This week was hard. But it wasn’t completely unwieldy. It wasn’t out of the range of doing. It was just simply hard. I could string out the list of events (church’s, children’s, spouse’s and mine) but that would bore me, let alone you. And the truth? I don’t think my week was any more or any less challenging than yours.
One of the nights I was going to be home to eat with my family required me to stop at the store to purchase food that we could eat together. The wind was howling that night. It was bitter and cold and cut through the heavy jacket I had on (not a winter coat, but a jacket). Because I had milk and beer as well as food, and because the cold had made my shoulder ache in a particulary poignant way, I opted to wheel the cart out to the car rather than schlep them all out by hand. This meant that I then had to wheel the cart over to the “cart corral,” where one of the women who bags groceries at the store was collecting other stray carts.
I wheeled up to her and her gray-streaked hair was flipping around her head in the wind. She had on a hoody and a slim windbreaker, and as I wheeled over to her, I shouted over the wind “I wish you didn’t have to be out in this.” She smiled at me and then laughed. And as I rushed back to the shelter of my car, I heard her laugh become a cough, a rough, smoker’s hack of a cough. Once in my car, I saw her, pushing carts into the wind, while shrinking with her cough.
The next morning I got up to do it all again, delivering a child to a meeting early at school, then in to work on the tollroad of perpetual construction. I was about to complain about it, but then I remembered driving over the nice smooth part that had been under construction earlier this year, and I drove by the men out in the wind in their Carharts and I realized: these men are employed because of this construction. These roads are getting nicer. It’s a bit dusty and discombobulating, this construction, but it is doing good things–it makes it easier for me to drive in my shelter of a car to a job far away where I sit in a building and talk to people. Theirs is hard work. Mine? Not so much.
I drove on and into the city, still thinking about the woman with the cough and the construction on MY road, when I saw a woman waiting to cross the 8 lanes of traffic. She was a young woman with a toddler on one hip and a gas can in her other hand. THAT, I thought, is hard.
This week was crazy and confusing and I got to see some people I haven’t seen in months and meet people I’ve never met before. It was long and complicated. But it wasn’t hard.
If I were ever to write my own theology, it would be a series of film clips. Right at the beginning would be this:
My heroes are the ones who do hard every day and don’t recognize it –PUBLICLY–as such. Life is hard. So is politics. So is parenting. So is finding out you have no gas and no neighbor to take you to the station or watch your toddler while you take care of the problem at hand because it needs to be taken care of. Can I put this any more simply: Of course it is hard. If it was easy, you’d be on vacation or in a coma. Life is hard and complex and continually changing–and that’s what makes it great. That’s what makes YOU great–the way you rise to the challenge of the difficult every day and slough it off as “just doin my job.” The way you hold your child instead of chastising her when what her bad behavior is saying is “I really just need to be the center of your universe right now” but she just doesn’t have the words for it. The way you stand on the bus so someone older or more frail can have the seat, even though holding the strap makes your arm ache. The way you build those roads and corral those carts and carry your toddler to get the gas. The way you bring food to a neighbor who has experienced loss, the way you pull someone aside and say “I’m sorry,” and the way you stand up and say We will not allow our children to be bullied to death any longer–and the way you say, to the teen who is lost, “I’ve been you and believe me, it is hard to be a teen queer and I won’t kid you it is much easier being an adult, but there are people here, more than before, who love you for you, so stick around and meet them.”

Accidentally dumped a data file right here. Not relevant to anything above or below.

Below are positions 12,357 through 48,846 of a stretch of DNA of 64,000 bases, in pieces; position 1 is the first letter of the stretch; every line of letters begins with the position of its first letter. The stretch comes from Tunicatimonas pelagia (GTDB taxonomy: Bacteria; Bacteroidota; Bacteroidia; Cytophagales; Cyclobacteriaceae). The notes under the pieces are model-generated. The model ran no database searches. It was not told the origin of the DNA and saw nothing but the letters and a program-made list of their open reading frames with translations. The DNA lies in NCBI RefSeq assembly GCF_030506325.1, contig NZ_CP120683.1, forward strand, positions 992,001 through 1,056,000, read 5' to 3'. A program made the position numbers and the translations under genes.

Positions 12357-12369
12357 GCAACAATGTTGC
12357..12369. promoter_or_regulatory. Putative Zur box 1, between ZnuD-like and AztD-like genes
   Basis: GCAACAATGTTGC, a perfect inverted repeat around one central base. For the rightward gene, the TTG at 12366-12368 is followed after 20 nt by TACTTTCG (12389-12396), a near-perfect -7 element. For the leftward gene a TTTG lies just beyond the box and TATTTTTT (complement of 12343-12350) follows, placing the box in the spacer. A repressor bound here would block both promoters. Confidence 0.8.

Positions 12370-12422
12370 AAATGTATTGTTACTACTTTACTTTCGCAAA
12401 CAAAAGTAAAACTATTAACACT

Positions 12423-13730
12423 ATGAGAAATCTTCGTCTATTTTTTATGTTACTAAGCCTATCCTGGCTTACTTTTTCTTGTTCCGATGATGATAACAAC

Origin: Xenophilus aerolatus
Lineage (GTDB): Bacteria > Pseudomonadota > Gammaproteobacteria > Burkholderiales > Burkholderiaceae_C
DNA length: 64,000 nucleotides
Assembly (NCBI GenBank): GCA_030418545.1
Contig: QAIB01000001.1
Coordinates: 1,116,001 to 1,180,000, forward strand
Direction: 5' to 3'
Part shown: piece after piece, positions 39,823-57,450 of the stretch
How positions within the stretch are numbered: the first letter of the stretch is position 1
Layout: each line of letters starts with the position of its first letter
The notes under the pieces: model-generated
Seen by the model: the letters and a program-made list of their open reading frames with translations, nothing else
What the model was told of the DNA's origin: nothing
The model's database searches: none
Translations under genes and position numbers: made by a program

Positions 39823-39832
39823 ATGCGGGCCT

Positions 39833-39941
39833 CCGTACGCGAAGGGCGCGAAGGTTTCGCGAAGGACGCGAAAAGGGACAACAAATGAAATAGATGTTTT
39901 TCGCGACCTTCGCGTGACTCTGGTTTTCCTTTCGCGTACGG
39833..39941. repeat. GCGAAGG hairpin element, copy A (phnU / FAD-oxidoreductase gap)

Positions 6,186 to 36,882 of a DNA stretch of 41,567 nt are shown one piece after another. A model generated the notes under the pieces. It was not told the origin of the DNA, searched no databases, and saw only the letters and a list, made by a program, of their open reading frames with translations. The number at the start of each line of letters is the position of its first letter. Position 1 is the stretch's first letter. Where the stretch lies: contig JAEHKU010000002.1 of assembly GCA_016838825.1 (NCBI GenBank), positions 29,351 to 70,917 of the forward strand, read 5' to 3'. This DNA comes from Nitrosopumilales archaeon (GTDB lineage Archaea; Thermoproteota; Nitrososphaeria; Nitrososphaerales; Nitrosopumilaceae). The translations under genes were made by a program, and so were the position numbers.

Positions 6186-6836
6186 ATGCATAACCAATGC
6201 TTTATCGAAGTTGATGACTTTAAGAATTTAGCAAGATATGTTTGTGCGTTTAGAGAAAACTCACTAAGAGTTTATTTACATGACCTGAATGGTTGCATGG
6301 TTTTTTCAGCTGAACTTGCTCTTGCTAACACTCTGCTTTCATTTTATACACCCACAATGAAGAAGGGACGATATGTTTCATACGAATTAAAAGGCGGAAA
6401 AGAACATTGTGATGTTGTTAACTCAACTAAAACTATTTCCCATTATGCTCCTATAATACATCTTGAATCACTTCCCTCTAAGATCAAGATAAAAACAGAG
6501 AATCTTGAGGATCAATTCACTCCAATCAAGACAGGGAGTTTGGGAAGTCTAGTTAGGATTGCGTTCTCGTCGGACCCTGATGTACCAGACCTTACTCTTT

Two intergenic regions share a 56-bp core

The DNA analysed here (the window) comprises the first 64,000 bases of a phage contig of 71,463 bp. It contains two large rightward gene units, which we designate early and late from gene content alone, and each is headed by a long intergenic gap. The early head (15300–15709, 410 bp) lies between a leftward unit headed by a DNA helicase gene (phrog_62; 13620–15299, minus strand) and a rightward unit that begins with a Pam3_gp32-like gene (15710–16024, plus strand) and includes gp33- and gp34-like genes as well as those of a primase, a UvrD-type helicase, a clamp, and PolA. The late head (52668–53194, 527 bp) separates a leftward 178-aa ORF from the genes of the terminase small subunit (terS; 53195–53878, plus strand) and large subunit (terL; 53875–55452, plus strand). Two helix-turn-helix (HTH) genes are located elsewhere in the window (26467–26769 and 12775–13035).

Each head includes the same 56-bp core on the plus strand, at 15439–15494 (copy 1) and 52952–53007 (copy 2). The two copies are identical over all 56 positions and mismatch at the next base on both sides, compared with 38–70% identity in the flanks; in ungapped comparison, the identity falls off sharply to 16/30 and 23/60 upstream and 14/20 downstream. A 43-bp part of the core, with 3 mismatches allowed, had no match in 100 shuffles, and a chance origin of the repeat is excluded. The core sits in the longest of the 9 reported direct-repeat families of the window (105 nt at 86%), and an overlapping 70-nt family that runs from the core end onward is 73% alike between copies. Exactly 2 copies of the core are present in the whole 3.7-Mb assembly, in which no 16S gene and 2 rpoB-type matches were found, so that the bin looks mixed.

It is hard, but it is the hard that makes us great. But know, too, that when it gets too hard, there are people here who know it is hard and will hold you while you regroup.
I don’t know who it was that led a nation of young people to think that life would be easy because their parents worked so hard. Maybe the best gift we can give our children now is the realization that it will be hard for them–in different ways than it was hard for us. We’ve already seen that with the explosion of techno-harrassment. Old men talking about burying our children in debt. Well, let’s stop it. Stop talking about it and start doing–doing the hard work of hard choices and truly showing our children that life never gets easy, it just sometimes gets less hard. Let’s give them the ability to stand on that reality so that they are not undone by difficulty, but, instead, challenged into greatness.
And lets not forget to pause in those small moments when it is easy: when the roast and the potatoes are done at the same time, when this stretch of road is finished, when we all sit down to a meal together and talk and laugh and enjoy the ease of simply being together. Because those, my friend, are the moments that make the struggle absolutely and insanely doable.